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|Ivy Lane School
|Mr Michael Walsh
|Ivy Lane School, Ivy Lane, WF1 4AZ
|Other independent special school
|Does not apply
|Number of Pupils
What is it like to attend this school?
This school is a calm, nurturing environment. Pupils feel safe here. Staff make sure that pupils can communicate their needs and feelings. There are warm, respectful relationships. Pupils’ complex special educational needs and/or disabilities are accommodated well.
Pupils learn to recognise their emotions and to manage their behaviour. Pupils behave well. Staff deal promptly with any inappropriate behaviour and/or bullying. Routines in and around the school are well established. Staff get to know pupils very well. Over time, pupils develop their confidence. They learn to interact with their peers effectively and engage in learning willingly.
The school offers a broad curriculum. Staff want the best for pupils. There are high expectations. Pupils learn in small groups and sometimes in one-to-one situations. Staff help pupils with sensory needs to learn in a way that is comfortable and meaningful to them. Pupils utilise various resources to communicate effectively. These include using pictures and symbols.
Pupils enjoy a suitable range of activities. These activities are thoughtfully designed. They help to broaden pupils’ understanding of the world. Pupils develop their independence and prepare for adulthood well. They enjoy horse-riding, cooking, swimming and taking part in residential experiences. Older pupils benefit from visits within the community. Post-16 students enjoy work experience on a local farm.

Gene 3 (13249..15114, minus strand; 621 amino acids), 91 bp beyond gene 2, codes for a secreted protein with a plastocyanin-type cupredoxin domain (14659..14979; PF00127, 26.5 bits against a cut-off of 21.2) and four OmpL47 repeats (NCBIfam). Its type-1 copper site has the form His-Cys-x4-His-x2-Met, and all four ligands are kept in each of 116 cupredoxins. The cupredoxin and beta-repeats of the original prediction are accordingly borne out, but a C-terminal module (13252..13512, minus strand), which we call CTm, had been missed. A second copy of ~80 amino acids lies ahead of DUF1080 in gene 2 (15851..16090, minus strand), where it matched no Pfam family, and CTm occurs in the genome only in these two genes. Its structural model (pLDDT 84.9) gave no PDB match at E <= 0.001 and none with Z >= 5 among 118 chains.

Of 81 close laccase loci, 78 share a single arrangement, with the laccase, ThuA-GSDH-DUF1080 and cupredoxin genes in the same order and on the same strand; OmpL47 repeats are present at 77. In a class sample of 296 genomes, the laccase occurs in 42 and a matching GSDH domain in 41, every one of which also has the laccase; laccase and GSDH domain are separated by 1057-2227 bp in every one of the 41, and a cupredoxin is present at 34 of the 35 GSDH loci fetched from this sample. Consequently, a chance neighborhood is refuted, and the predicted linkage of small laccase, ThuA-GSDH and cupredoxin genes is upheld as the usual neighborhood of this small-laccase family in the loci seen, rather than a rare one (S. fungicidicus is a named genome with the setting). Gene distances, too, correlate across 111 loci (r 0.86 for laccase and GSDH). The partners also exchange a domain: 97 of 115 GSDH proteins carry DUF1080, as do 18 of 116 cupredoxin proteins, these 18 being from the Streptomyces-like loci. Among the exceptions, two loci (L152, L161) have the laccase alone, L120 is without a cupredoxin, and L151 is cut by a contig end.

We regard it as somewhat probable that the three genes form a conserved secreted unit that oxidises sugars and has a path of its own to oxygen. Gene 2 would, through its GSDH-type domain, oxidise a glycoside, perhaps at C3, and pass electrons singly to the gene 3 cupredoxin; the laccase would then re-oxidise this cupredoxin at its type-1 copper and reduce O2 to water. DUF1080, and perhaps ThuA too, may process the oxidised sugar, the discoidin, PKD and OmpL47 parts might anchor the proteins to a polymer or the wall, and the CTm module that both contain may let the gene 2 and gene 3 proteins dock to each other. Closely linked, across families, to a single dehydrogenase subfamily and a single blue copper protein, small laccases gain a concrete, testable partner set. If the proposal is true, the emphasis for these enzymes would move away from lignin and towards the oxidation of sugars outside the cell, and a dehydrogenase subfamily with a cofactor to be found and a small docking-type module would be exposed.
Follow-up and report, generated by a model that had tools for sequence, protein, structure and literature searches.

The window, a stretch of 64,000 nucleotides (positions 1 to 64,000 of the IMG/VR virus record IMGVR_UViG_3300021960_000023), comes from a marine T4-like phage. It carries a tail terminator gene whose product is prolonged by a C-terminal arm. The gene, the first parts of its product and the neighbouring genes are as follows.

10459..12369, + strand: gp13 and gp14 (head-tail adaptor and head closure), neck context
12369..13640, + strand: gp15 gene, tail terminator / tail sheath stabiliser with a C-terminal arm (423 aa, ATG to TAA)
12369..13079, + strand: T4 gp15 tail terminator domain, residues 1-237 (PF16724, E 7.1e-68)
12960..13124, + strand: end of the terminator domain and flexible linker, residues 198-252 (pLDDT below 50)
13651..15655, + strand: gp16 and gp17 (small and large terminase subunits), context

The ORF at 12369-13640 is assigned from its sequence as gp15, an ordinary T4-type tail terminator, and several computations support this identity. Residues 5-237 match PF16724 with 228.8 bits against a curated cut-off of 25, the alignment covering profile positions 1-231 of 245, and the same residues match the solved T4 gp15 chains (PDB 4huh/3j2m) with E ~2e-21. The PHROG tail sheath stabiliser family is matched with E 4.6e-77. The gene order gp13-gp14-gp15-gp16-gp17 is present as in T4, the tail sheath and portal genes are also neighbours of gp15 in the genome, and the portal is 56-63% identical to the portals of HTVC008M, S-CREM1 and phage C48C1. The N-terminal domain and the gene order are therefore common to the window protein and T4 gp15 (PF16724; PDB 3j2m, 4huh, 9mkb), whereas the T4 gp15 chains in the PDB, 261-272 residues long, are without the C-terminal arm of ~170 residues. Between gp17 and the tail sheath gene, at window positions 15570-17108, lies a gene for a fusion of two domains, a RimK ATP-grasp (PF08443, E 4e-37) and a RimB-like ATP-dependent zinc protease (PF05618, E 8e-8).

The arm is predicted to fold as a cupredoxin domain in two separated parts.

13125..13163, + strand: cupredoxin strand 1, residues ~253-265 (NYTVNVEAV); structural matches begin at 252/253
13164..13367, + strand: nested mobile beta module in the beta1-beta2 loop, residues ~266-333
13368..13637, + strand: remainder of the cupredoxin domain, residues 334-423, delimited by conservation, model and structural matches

What does the school do well and what does it need to do better?
The number of pupils has increased since the last inspection. Leaders are not complacent. They have reviewed and deliberately designed the curriculum to meet the diverse needs of pupils. They aspire for pupils to ‘develop independence through learning in a school and a community environment that offers warmth, security and consistency’. The school is achieving these aims. Pupils, staff, parents and carers are overwhelmingly positive about the school.
The curriculum for most subjects, including English and mathematics, is well sequenced across the school’s seven learning phases. The knowledge and skills that pupils need to learn are identified clearly. Leaders continue to make further pertinent refinements to some subjects to ensure that they are equally well designed.
Pupils, including those in the post-16 provision, study a curriculum that is tailored to their individual requirements. Skilled staff support pupils to engage with learning. They make learning relevant. They link activities to pupils’ interests. Pupils with limited verbal communication skills are supported well. Staff teach pupils how to use signing, digital devices and symbols to communicate.
The school carries out pre- and post-admission assessments of pupils. These contribute to pupils’ individual learning plans (ILP). These plans identify targets for pupils in their different areas of need. The plans link closely to pupils’ education, health and care plans (EHC plan). Therapists work with staff to ensure that pupils’ EHC plans are carefully considered. However, the targets for learning detailed in pupils’ ILPs lack precision. Some targets are too broad. They are not broken down into small enough steps. This leads to some variation in the effectiveness of teaching.